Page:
Roland and Stephanie's Semimoon
The Short Report
These three pages exist as an alternative to the main trip report. Instead of forty-four pages and 1200+ pictures, this short report whittles it down to three pages and seventy-six images. A lot more digestible if you're not willing to waste hours upon hours of your life.
If you've come here and are in fact looking to read the main trip report, then this isn't it! Please go here
The Special Day
This trip started out as a European honeymoon vacation for our good friends Stephanie and Roland, who got married this year (in 2015). Due to some last minute scheduling changes, their wedding got moved, but this trip did not. While they still had an official honeymoon immediately after their wedding, they still wanted to go through with this trip - a sort of half-honyemoon after the fact. A semi-moon.
Rental Car Pickup
The trip was divided into three major sub-parts: Exploring cities and towns in Northern Italy; A stretch of climbing in the Dolomite Mountains; and city and family visiting in Austria and Germany (for the last part, we were only on board for a few days before we'd be heading back to Canada - Roland and Stephanie would stay longer).
The first phase of our trip involved visiting a famous section of Ligurian coastline (in northwestern Italy) known as the Cinque Terre, or the Five Lands. Now a national park, the Cinque centers around five historic cliff-clinging towns that dot a rugged section of coastline. Ancient paths link the towns, and a very popular activity is to walk between them over the course of a few days. We planned to do just that.
Above Mediterranean Rooftops
Basing ourselves in a very reasonably-priced AirBNB apartment rental in Corniglia - the central town along the Cinque Terre coastline, we enjoyed a beautiful couple of sunny days hiking between the towns. The weather was beautiful, the water turquoise-blue, and the vineyards plentiful and full of ripe grapes.
Through terraced Vineyards
We discovered several things during our time in the Cinque Terre: first, the main streets of the larger towns can be quite busy, quite overrun with tourists, but it is easy to get beautiful solitude and a bit more authenticity with a bit of off-the-main-street wandering. Second, the town of Corniglia is the smallest but also the quietest, and is a fine place to stay if you want a more relaxed pace. Third, the 'low path' routes along the coast can be overrun with walkers, some clearly not the least bit prepared for hiking. The high routes up in the hills are more scenic and more lonely (the good kind of lonely). Fourth - the mostly-underground inter-town railway is indispensably convenient. It is a cheap and effective way to shuttle between the towns as needed, and the fact that it is mostly underground means it doesn't impinge too much upon the scenery.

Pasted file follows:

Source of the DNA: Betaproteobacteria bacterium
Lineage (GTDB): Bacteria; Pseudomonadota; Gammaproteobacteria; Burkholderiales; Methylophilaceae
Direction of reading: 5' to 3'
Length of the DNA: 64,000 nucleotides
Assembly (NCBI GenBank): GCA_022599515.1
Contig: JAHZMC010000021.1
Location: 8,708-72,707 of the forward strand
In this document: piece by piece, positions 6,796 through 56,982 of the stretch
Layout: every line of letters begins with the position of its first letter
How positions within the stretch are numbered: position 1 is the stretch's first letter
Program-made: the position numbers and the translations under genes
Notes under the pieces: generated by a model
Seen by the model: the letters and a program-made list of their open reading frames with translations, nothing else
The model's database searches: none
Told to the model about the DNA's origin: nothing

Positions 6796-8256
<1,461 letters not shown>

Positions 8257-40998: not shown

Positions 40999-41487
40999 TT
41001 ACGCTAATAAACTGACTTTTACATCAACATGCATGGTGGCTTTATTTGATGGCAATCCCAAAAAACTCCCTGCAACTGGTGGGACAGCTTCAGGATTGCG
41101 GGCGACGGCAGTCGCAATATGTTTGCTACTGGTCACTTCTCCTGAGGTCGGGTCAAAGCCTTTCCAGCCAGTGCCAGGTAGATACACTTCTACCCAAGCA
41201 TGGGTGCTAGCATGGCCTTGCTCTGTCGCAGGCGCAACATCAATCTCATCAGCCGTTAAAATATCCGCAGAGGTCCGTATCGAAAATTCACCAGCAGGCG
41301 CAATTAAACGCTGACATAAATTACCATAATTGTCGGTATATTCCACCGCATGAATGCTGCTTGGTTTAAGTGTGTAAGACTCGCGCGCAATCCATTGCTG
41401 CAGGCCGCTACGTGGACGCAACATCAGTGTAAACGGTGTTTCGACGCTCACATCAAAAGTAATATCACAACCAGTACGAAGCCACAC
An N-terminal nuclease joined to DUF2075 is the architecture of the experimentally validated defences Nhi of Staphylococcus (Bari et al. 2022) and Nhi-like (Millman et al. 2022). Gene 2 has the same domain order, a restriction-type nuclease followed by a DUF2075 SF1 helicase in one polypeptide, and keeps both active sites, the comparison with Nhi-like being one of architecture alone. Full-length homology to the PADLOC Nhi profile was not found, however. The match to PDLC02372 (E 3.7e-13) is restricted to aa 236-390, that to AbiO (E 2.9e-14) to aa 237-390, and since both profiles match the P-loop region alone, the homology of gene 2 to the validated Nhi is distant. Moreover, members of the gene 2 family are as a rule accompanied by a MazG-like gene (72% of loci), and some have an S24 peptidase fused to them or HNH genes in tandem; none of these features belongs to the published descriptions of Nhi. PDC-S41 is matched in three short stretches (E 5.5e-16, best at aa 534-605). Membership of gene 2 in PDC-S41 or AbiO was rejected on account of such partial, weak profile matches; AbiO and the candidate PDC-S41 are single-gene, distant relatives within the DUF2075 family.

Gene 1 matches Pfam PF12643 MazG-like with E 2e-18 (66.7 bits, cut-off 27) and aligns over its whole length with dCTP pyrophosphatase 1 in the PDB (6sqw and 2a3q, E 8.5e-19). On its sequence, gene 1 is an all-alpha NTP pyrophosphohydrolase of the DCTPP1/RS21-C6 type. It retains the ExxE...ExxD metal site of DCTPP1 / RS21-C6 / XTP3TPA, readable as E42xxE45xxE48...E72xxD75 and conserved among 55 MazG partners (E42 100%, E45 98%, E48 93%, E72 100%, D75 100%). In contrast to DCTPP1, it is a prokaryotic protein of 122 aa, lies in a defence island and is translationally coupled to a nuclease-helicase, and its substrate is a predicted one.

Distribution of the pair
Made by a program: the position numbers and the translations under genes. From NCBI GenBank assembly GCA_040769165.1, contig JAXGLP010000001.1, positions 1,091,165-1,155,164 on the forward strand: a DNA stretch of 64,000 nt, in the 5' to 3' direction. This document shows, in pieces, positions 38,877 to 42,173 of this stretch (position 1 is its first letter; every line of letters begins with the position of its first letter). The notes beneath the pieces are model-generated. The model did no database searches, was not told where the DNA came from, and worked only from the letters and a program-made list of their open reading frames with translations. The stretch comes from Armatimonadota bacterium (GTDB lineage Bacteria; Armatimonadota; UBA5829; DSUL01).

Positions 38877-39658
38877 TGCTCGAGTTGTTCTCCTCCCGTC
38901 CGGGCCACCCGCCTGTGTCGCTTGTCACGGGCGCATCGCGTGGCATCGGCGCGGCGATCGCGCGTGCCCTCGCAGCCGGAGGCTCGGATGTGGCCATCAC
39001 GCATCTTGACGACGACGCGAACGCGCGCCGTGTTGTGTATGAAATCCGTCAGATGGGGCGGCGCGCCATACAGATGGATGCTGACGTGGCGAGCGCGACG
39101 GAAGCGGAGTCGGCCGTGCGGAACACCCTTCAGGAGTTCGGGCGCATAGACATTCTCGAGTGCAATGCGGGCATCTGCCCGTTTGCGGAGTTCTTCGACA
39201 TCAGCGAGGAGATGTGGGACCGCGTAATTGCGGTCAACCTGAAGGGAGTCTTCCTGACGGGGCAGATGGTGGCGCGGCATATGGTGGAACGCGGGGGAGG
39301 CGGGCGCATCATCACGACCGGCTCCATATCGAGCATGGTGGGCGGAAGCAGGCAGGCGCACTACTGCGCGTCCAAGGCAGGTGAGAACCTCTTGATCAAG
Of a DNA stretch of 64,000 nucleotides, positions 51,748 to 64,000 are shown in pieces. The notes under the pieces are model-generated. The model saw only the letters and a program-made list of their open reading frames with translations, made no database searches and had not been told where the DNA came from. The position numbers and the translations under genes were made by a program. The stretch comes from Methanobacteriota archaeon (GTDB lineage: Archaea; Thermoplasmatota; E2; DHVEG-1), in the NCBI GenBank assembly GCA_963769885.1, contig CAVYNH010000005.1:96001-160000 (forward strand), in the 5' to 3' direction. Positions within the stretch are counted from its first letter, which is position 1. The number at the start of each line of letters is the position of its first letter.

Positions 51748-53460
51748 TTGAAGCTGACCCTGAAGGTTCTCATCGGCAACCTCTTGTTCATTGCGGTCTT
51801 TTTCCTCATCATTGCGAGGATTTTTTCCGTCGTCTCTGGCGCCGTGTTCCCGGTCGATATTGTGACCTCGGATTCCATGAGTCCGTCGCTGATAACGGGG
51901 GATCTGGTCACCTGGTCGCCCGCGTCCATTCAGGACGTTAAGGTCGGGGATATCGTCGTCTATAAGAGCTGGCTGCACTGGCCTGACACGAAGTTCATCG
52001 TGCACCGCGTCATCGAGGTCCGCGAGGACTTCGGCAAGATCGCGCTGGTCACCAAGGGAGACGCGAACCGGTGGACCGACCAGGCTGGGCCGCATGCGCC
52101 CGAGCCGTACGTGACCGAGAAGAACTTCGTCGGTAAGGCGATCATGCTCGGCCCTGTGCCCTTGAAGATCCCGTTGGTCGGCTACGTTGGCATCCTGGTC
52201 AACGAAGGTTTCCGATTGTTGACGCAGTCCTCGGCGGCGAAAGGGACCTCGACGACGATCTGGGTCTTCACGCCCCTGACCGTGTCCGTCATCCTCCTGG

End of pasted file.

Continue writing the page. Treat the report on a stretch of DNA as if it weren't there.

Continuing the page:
Finishing our five-town hike
Quick relocation by train
Finished with the Cinque Terre, we began a drive across the "leg" of Italy towards Venice. Along the way, we detoured over to the Republic of San Marino - a fully enclosed city-state with Italy. Our visit here was primarily driven by Roland, who had it on his bucket list of world countries to visit.
In Transit to San Marino
Our actual boots-on-the-ground visit to San Marino lasted almost exactly one hour. In that short period of time, we toured the old city center, then walked along the three-pointed summit ridge of Monte Titano - the highest land in San Marino. Each of the points has a castle-like structure built on it. Roland ensured that we made our way to the highest of the three, so that he could official get a picture at the country highpoint.
Roland achieves highpoint
With our short detour to San Marino over, we continued on, now heading north towards our next stop - the canal criss-crossed historic city of Venice. All of us save Stephanie had visited Venice several times before, but its power to attract had not diminished. For our stay this time, we rented a small AirBNB apartment located on the top floor of an old Venetian house in the Dorsoduro neighborhood. Much like our place in Corniglia, it was quiet, unpretentious, and off the beaten path. Just as we like it.
We stayed in Venice for two nights, and during our time there we filled our days with what could be be described as relaxed exploration. Much of it was unstructured meandering, although we did visit a few specific things: a tour of the old clocktower in the Piazza San Marco, the Doge's Palace (Jenn and I), the glassworking island of Murano (Stephanie and Roland), and the Correr Museum.
Venetian Public Transport